Xiang Yu & Sietse-Jan Weijenberg & Julio Elizalde

One of the great unsolved intrigues surrounding Beethoven concerns three letters. Found in the back of a drawer after his passing, they are addressed to an unnamed “Immortal Beloved”. It is questionable if they were ever sent (since they were still in Beethoven’s possession), but as to the sincerity of its contents there is no doubt. The letters are filled with romantic hyperbole, but even while they are not quite literary masterpieces they are written well enough and manage to avoid falling into cheesy cliché. The letters have generated a stream of articles in which scholars fret endlessly over the scarce clues (a date, Monday July 6th, that could only have been 1801, 1807 or 1812, and the mention of a town with the letter K: Karlsbad? Klosterneuberg? Korompa?). Understandably, the list of potential candidates runs long.

The thing is that Beethoven had a complicated rapport with romance all his life. He was never a beauty – short, protruding teeth, a small round nose, a wild unkempt crop of hair, and of questionable hygiene. But more decisively, he was in the habit of fancying women that were socially and financially well out of his reach, or who were married. This resulted in endless falling in and out of love, but there is no evidence that his efforts were ever crowned with physical success. Scholars also note that married life would have been detrimental to his creative process, and that Beethoven might well have unconsciously set his sights too high in order to avoid any concrete engagement.

Going back to the “Immortal Beloved”, one of the numerous names that pops up in the above mentioned articles is that of Hungarian countess Marie von Erdödy. She was a separated woman, and had a long and intimate friendship with Beethoven. She is also the dedicatee of the trio’s op.70, and the work currently at hand, the cello sonatas op.102 (1&2).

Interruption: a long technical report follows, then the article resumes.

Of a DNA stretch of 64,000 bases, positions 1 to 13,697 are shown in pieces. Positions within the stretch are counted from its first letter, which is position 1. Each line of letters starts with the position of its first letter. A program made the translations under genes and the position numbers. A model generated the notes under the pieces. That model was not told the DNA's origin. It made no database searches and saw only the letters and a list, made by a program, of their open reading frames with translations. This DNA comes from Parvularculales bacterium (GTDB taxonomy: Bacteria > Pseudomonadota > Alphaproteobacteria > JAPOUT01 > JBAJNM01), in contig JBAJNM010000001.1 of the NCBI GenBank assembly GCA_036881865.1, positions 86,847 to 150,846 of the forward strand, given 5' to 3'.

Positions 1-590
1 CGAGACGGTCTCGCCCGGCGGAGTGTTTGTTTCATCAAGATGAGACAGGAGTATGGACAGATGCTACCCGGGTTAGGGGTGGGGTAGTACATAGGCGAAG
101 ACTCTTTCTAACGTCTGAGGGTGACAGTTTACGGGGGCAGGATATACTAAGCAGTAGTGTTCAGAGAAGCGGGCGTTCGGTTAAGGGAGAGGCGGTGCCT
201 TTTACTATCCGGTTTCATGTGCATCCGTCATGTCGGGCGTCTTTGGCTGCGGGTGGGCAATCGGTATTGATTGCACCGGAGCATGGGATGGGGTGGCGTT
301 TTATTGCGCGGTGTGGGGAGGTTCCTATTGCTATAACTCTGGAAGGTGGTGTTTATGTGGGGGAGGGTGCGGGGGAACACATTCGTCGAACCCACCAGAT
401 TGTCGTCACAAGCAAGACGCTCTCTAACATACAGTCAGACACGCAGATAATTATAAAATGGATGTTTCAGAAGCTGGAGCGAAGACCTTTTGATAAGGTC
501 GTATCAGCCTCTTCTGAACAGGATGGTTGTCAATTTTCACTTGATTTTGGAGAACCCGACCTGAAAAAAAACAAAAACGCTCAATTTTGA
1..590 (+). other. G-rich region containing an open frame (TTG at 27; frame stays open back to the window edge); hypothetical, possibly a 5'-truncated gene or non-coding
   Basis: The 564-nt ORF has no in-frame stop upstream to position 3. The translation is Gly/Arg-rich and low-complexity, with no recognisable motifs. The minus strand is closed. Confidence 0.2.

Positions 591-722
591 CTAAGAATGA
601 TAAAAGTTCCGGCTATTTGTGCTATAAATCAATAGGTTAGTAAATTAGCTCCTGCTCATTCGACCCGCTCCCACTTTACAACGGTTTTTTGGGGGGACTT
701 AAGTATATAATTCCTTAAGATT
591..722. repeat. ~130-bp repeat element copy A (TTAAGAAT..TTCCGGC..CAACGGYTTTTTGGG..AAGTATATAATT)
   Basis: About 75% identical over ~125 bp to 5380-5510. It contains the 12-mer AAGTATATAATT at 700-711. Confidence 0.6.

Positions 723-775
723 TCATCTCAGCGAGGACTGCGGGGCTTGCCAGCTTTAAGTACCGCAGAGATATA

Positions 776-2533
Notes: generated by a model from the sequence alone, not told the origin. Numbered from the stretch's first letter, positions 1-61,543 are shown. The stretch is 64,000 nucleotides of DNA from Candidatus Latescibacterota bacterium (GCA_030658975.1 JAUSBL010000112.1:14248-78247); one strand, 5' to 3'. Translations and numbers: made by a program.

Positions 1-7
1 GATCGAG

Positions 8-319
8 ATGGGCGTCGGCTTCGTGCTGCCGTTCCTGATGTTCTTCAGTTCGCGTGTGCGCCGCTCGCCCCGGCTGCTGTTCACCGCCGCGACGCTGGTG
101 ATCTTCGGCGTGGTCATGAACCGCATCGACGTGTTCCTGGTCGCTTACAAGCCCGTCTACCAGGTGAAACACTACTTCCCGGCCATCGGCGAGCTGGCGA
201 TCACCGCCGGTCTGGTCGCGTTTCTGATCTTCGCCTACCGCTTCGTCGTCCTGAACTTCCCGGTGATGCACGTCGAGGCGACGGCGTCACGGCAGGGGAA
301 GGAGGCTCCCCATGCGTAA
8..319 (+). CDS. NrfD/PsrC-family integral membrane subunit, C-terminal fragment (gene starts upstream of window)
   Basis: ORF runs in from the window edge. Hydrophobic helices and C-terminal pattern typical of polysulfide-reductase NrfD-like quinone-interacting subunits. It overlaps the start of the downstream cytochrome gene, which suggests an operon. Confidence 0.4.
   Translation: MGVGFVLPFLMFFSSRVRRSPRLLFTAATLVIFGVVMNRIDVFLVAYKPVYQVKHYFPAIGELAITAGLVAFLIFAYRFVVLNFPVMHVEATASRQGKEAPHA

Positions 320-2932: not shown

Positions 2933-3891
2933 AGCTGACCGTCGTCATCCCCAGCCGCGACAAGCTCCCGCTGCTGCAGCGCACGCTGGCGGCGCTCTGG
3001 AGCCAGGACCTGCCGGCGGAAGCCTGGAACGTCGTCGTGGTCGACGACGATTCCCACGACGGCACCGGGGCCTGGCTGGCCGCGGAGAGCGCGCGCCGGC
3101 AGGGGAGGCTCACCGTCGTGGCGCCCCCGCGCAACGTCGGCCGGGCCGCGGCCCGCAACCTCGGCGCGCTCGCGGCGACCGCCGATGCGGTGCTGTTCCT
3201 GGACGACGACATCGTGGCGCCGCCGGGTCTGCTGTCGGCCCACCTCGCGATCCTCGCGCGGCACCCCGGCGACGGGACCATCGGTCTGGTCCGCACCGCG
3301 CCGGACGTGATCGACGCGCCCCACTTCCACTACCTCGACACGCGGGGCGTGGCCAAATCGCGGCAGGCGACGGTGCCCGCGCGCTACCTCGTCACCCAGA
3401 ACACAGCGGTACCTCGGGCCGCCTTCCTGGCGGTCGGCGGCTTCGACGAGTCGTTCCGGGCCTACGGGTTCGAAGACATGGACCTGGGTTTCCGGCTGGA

The sonatas were written in spring and late summer 1815 during Beethoven’s stay at the Erdödy estate. Beethoven was inspired by the presence of Razumovsky’s star cellist Josef Linke. The two had already enjoyed a long professional collaboration, and Linke happened to be posted with Erdödy that summer because the Razumovsky castle had burned down.

1815 marks the beginning of the late period in Beethoven’s writing. Works from that time on are typically focused, condensed, meditative, abstract, extreme, sublime and grotesque – keywords that go well with the most important output of that year, the two cello sonatas op.102. The number two present in this recording is the first sonata to feature a full slow movement, a haunting Adagio. The ensuing Fugue is also a first, starting with an innocent rising figure but developing into an insane exploration of the extreme. The most ‘standard’ movement is the opening Allegro con brio, which is a sonata form, except more condensed then ever before. Bits of thematic material are broken off, interrupted, reused and interjected. Written as early as 1815 this sonata casts a glance ahead all the way to the most elaborate late quartets.
Sietse-Jan Weijenberg 2015

Beethoven Piano Trio No. 6 Op.97 (Archduke)
(coming soon!)

Angelo Xiang Yu
Winner of the prestigious Yehudi Menuhin International Violin Competition in 2010, violinist Angelo Xiang Yu is regarded as one of today’s most talented and creative young violinists in the world. His astonishing technique, distinctive sound, and exceptional musicality have won him consistent critical acclaim (the Strad, String magazine, Boston Globe) and enthusiastic audience response worldwide for his solo recitals, orchestral engagements, and chamber music performances.